Why did I start blogging?
I was not a kid who wanted to grow up to be a writer. I did not keep a journal or diary. I wasn’t a very good writer, in fact, until my years at LSU with the fearsome and exacting faculty in the graduate department of Political Science.
What I did want to do was keep people informed, connected, and mobilized. I used email and groups via AOL and Yahoo to reach out to the LGBTQ community in the early 2000’s. I thought it was important that people in our community *know* about the positive – the letters to the editor, the articles, the editorials and so forth.
I remember in particular that the advocacy work of then teen leader Emma Blackman Mathis which was frequently featured in the news as part of the Girlcott of Abercrombie and Fitch. I was so impressed and hopeful as a feminist and a lesbian.
Somehow I learned about these things called blogs, was introduced to 2 Political Junkies, and decided that I *had* to start one for the LGBTQ community. And for me, of course.
So on December 29, 2005 – we launched!
A little over a year ago, I received the coveted title of “Unofficial Lesbian Correspondent” for a local liberal talk radio program. While it mostly entailed double entendres and Santorum bashing, it did give me a heady sense of unearned power and unabashed self-promotion. And I parlayed it into a one-time gig judging a costume contest for a local AIDS fundraiser.
So it wasn’t a huge leap to starting a blog.
So here we are …. two lesbians, high speed internet connections and puh-lenty of opinions on just about every conceivable topic.
But we are sooo much more than smart mouthed lesbian correspondents. We’ve got a full array of supporting cast members (including the requisite homophobes), an overwhelming amount of magazine subscriptions and a shared compulsion to read the local paper cover to cover on a daily basis.
This is an interesting time to be a Pittsburgh queer. The most important election of our lives is right around the corner (Santorum v Casey), our city is on the brink of financial collapse and we have yet to have a prominent community member identify themselves as openly gay.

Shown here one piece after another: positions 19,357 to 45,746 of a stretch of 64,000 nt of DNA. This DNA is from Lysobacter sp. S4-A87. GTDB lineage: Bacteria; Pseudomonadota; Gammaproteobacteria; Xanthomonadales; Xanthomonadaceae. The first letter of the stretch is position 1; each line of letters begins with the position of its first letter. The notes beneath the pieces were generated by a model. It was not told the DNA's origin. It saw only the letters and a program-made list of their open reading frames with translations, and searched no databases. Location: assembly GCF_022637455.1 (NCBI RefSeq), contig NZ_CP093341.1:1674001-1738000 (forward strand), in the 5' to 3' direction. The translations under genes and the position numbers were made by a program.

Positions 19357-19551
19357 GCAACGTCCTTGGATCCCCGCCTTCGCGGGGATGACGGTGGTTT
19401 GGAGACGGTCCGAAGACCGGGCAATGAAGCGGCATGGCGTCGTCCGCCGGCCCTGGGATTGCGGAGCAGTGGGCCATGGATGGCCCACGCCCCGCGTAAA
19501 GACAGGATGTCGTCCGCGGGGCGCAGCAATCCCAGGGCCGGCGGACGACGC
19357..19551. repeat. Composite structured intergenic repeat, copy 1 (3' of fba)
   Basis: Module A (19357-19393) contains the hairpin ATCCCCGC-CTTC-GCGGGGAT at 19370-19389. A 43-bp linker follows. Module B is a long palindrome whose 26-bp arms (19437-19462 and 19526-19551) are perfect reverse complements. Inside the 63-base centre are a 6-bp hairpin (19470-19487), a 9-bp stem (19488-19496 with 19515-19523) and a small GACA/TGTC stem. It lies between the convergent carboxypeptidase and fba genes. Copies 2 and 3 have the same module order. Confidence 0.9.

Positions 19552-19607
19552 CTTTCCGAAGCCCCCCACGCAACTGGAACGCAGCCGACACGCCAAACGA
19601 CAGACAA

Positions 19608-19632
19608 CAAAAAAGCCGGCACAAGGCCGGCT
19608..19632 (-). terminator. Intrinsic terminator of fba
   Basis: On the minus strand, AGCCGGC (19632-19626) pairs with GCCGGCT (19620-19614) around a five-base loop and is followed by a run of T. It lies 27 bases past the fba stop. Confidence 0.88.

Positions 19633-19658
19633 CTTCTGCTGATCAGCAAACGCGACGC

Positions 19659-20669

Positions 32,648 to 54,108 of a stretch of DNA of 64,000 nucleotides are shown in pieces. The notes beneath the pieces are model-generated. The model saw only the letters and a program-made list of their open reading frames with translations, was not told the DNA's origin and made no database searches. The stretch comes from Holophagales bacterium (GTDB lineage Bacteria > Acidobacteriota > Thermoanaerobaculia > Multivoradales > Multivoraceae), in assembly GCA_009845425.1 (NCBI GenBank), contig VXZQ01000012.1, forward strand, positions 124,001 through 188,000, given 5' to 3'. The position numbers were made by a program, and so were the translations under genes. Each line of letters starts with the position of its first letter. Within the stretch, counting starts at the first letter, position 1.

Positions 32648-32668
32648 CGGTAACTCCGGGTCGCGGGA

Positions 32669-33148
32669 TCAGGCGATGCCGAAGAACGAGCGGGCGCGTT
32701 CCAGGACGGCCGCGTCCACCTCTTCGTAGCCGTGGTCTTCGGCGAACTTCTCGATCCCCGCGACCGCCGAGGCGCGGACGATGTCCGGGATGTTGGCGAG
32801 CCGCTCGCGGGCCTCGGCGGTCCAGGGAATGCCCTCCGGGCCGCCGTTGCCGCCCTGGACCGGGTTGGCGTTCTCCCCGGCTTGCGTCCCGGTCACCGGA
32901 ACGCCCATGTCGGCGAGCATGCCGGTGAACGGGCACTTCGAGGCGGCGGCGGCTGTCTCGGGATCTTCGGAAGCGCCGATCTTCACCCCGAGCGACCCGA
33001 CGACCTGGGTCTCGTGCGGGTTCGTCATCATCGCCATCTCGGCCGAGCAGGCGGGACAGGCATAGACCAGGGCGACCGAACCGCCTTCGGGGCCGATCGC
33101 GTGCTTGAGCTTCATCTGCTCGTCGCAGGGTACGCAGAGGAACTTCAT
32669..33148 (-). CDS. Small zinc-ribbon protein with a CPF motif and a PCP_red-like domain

But the birth of our first niece is imminent and we’ve got our own blog. 2006 may turn out to be a pretty good year for grrrls.
Bring it on …
Blogging wasn’t about writing. It was about keeping people informed, connected, and mobilized. Once I began, I felt driven or compelled even to write as often as possible about all of the topics. It was absolutely a labor of love.
This was not the first LGBTQ blog in the region. That honor belongs to JasonCable.com. And I believe there were some folks blogging on LiveJournal, but I don’t have specifics. It is important to be transparent about how we arrived where we are now. Jason, Maria and David from 2 Political Junkies, and others built a foundation for me to launch and grow this blog.
But the why? That’s you. You who were my actual LGBTQ friends in 2004 and 2005. Who read my email messages. Who joined the groups. You who wrote the letters to the editor and used your name in articles. You who listened to the radio segments. You who started your own blogs. You blogged on Tumblr in 2007. You wrote essays on Facebook. You read Pam’s House Blend.
I started and continued blogging because there was a gap in information. That hasn’t changed, it may have worsened. We’ve lost all LGBTQ media publications in Western PA. We have three outlets that use a LGBTQ media guide (WESA, The City Paper, and Public Source.) We have LGBTQ groups who monopolize media representation.
I continue because of you.
Happy National Blogging Post Month. Keep reading!
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